Antidepressants up risk of death by 33 percent, says study

The Asian Age With Agency Inputs

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Psychiatrists have raised doubts over findings, arguing antidepressants are often last resort for people with no other options.

The authors of the controversial paper are of the opinion that antidepressants do more harm than good. (Photo: Pixabay)

A major new study now reveals that taking antidepressants could increase the risk of early death.

Experts found that depressed people without heart disease were 33 percent more likely to die over any set period, for any reason, if they were too addicted to antidepressants, as compared to those who were not.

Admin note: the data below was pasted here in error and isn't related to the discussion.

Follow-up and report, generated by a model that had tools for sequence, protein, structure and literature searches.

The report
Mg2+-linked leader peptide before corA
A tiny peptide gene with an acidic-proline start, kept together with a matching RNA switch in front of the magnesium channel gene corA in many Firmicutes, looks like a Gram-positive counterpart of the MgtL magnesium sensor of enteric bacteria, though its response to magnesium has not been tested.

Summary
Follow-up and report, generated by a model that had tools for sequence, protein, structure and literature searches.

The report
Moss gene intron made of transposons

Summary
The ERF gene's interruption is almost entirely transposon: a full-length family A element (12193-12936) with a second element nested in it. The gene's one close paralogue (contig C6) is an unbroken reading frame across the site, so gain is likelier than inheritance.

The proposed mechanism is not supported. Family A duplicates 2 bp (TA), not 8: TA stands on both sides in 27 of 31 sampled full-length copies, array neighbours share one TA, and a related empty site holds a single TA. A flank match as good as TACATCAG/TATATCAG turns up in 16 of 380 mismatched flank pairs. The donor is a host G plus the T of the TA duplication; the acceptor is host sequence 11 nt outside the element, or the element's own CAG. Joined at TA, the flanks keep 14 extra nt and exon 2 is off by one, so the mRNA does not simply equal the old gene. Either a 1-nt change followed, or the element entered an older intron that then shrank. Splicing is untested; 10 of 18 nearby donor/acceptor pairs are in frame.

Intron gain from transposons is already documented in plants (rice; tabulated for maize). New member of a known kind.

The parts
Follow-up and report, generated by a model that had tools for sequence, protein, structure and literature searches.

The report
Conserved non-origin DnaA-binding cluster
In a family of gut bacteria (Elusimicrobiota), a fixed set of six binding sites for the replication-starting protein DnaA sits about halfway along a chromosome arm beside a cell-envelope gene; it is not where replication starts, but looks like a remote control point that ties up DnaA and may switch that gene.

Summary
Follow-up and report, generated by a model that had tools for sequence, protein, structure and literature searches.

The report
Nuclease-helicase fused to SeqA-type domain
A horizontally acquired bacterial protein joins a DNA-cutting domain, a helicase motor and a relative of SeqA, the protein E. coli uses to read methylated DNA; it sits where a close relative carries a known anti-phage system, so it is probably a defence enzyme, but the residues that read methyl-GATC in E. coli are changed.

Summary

The authors of the controversial paper are of the opinion that antidepressants do more harm than good.

However, psychiatrists have raised doubts over the findings, arguing that antidepressants have been safely used for years and is often a last resort for people with no other options.

The new analysis suggests that people who take the pills are at a greater risk than previously estimated.

Scientists at McMaster University in Canada combined results from 17 studies to come to the conclusion.

While initially the overall result was nine percent, on removing people who already were suffering from cardiovascular diseases from the study, the number jumber to a whopping 33 percent.

The scientists think this is because antidepressants are also a blood thinner - which actually protects the health of people with heart disease because it stops blood clotting.

But among people without heart disease, this is dangerous because it increases the risk of a major haemorrhage or internal bleed.

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